Dawn Thorp - stem cell pioneer and volunteer
In National Volunteer Week from the 9th to 15th of May, the Leukaemia Foundation recognises and thanks the 661 registered volunteers who are the backbone of our organisation and contributed over 55,000 hours to our important work last financial year.
Australian volunteers are essential to the not-for-profit sector and our wonderful volunteers generously donate their time and energy to helping others and supporting our Vision to Cure and Mission to Care by:
· Driving patients to and from treatment centres
· Providing administration assistance
· Maintaining our accommodation centres
· Raising awareness in local communities about the needs of patients with
a blood cancer
· Raising much needed funds to continue our important work.
Committed volunteers like stem cell transplant pioneer, Dawn
One of our valued volunteers is Dawn Thorp, who began supporting the Leukaemia Foundation in 2002 but whose experience with blood cancer spans over 50 years. In 1959, Dawn’s step father passed away from leukaemia, a relatively unknown illness at the time.
A few years earlier, Dawn had begun her career as a general nurse at the Royal Adelaide Hospital (RAH) graduating in 1960. In the late 70’s, Dawn was seconded to the Transfusion Service to manage the new technology Apheresis and in 1980 she was asked to collect Stem cells from a patient – a brand new concept at the time. By 1983 she was Clinical Nurse Consultant in charge of the newly opened Haematology Day Centre. The Royal Adelaide Hospital and Institute of Medical and Veterinary Science continued to develop the collection, storage and transfusion of stem cells. Dawn and her staff were pioneers in the collection of the stem cells from both patients and donors and in early 1990’s they became one of the first units in Australia to conduct a stem cell transfusion in the Day Centre.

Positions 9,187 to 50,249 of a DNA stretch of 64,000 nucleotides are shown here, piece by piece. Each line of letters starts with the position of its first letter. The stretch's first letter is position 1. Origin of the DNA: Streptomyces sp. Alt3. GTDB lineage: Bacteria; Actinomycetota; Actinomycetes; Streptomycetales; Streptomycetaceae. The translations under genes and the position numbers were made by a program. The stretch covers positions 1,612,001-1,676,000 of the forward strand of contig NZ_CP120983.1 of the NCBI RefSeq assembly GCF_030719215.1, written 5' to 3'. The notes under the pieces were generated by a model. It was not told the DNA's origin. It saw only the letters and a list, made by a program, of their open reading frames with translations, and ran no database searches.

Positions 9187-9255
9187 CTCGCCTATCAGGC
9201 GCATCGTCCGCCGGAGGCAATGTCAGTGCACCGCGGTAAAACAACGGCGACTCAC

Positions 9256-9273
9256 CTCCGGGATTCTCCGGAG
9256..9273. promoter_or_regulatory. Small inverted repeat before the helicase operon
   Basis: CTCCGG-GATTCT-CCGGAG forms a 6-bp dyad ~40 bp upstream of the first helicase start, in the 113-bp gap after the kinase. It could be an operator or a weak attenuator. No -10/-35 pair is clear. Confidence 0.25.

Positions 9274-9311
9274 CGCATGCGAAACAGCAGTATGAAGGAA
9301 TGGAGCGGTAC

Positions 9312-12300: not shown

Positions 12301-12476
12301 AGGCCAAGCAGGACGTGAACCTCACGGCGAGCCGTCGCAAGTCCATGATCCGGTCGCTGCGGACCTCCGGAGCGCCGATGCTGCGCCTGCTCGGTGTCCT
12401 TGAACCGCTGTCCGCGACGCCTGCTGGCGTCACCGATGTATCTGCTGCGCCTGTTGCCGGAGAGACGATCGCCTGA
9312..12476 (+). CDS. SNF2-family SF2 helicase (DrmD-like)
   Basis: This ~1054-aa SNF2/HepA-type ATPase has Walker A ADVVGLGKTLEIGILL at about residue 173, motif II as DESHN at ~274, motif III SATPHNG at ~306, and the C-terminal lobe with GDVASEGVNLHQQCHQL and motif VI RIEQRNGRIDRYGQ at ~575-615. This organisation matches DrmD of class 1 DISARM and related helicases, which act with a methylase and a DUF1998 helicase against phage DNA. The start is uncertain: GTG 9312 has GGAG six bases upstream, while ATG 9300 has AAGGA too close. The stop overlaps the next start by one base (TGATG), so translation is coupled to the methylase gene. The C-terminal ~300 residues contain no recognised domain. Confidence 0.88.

It was during her time at the day centre that Dawn was contacted by a board member from the Leukaemia Foundation in QLD who asked her to set up a meeting to explore the concept of establishing the Leukaemia Foundation in South Australia. A month or two later she helped to establish a task force and a year later, the Foundation’s courtesy transport program began in Adelaide. Many of the patients Dawn cared for relied on the service to get them to and from their treatment. In 2001, when the time came for Dawn to retire, she decided to give back to the Leukaemia Foundation as a volunteer.
Today, Dawn is a regular every Monday, undertaking a variety of administration duties at the Leukaemia Foundation’s Adelaide office, including collating data for the transport and accommodation services and putting together the volunteer newsletter. She understands the importance of volunteers in organisations like the Leukaemia Foundation.
“It’s vital, quite frankly. The Leukaemia Foundation wouldn’t be able to run without volunteers, particularly the drivers who give up a huge amount of time,” said Dawn.
“I would absolutely recommend it to anyone. Who couldn’t get benefit out of volunteering? It’s a normal part of my life now and I couldn’t imagine not doing it,” she said.
We thank all of the Leukaemia Foundation volunteers who generously give their time to supporting our Vision to Cure and Mission to Care.
Become a volunteer
If you have a few hours to spare a month and want to learn more about how you can volunteer your time to support the Leukaemia Foundation’s important work, please call us on 1800 620 420